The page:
'Pharma parties' a troubling trend among youths
It started out with a pal saying painkillers could be a cool high. Joe was 15. He wanted the high, and he wanted to be cool.
"I said, 'Hey, I have some of that at home,' and so we went and I grabbed a couple of Percocets out of my stepdad's bottle," Joe said. "It was easy. My stepdad had a lot of surgeries, so he had a lot of pills."
The pills went down quick, and the smooth buzz was free and felt safe. Within weeks Joe and his pal were having other pals over, digging into the medicine cabinet deeper each time - a little Vicodin here, a little OxyContin there, usually with some whiskey and vodka to wash everything down.
"Once word got around that I had all these drugs at home, I looked pretty cool to my friends," said Joe, who asked that his full name and location not be disclosed because he is still in high school and doesn't want everyone knowing his history with drugs. "And from there it just grew."
Joe and his friends had discovered the seductive wonder of "pharma parties" - and before long, the horror of addiction.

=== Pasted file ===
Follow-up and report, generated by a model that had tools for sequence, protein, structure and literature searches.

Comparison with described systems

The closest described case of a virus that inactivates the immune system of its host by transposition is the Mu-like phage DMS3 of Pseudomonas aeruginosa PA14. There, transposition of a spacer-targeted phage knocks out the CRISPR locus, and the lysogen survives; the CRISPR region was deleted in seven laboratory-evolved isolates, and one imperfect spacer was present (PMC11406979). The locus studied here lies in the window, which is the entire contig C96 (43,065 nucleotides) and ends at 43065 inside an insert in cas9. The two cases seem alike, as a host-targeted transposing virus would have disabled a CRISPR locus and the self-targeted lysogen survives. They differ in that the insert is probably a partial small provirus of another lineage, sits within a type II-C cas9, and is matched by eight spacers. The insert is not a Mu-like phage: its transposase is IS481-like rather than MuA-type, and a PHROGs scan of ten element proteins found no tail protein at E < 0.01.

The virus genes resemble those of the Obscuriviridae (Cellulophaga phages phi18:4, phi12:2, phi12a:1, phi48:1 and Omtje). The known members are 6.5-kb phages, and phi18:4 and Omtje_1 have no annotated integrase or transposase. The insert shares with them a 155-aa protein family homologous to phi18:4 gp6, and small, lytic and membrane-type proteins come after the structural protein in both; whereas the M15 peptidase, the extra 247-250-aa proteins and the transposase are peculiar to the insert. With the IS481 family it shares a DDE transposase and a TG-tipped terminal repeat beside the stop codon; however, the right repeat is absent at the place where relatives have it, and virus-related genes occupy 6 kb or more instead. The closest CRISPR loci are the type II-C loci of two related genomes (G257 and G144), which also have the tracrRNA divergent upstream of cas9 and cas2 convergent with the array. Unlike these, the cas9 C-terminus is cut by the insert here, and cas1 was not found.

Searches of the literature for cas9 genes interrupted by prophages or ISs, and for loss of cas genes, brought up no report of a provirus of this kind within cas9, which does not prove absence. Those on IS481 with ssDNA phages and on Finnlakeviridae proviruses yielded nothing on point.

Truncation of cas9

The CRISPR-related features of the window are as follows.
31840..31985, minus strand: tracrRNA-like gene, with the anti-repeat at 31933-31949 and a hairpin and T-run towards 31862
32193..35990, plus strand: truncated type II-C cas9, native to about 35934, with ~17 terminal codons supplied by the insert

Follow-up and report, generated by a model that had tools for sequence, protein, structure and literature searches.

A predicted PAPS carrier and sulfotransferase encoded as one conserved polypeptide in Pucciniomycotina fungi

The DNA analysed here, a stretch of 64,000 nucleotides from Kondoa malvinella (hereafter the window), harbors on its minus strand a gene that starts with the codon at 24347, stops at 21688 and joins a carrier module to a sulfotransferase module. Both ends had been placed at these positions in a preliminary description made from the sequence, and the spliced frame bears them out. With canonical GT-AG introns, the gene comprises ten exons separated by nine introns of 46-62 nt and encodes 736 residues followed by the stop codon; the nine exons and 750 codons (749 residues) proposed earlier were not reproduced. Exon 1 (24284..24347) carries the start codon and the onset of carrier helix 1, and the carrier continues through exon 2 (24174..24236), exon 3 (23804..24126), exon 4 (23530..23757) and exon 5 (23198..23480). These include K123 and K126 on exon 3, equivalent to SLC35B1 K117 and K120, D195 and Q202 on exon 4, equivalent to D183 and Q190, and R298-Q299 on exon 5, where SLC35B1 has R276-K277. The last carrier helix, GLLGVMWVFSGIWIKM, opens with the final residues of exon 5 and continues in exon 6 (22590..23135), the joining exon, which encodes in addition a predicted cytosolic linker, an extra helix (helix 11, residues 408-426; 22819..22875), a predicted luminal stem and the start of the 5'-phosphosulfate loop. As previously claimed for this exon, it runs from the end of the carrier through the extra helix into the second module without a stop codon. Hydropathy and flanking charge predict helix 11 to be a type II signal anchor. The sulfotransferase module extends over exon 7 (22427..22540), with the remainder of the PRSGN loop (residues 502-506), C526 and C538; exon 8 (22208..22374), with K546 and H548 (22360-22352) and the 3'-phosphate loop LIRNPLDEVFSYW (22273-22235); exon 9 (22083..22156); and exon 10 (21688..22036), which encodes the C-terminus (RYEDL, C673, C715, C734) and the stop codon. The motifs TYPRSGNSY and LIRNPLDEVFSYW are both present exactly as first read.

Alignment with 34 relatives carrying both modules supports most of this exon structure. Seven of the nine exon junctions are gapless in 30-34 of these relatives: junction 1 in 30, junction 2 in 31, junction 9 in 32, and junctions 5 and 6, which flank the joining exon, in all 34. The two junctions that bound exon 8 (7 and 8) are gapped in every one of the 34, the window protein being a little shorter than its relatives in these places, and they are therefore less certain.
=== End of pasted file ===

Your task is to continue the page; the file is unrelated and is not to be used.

Pharma parties, where kids get together to share drugs pilfered from their parents' pill bottles, have been a known phenomenon for only a few years, experts say. But the phenomenon is getting worse.
Drug use up
A study released this month by the Partnership for a Drug-Free America shows that 63 percent of American teenagers in grades nine to 12 believe prescription drugs are easy to steal from their parents' medicine cabinets, up from 56 percent last year.
The same study shows that 20 percent of the kids in the same grade group have abused prescription medication at least once, up from similar surveys in 2000 showing about half that rate of abuse.
The problem appears to begin primarily in the middle class, experts say, among relatively comfortable kids who turn to pills - mostly painkillers - for relief from stress or a cheap high they can get without going to a sketchy drug dealer.
It's not clear how many kids die from pharma parties, but according to a recent study by the Centers for Disease Control and Prevention, the number of deaths from overdosing on opiate-based prescription painkillers like OxyContin more than tripled from 1999 to 2006, to 13,800. That constituted the majority of the 26,000 overdose deaths in the United States in 2006 from both legal and illegal drugs.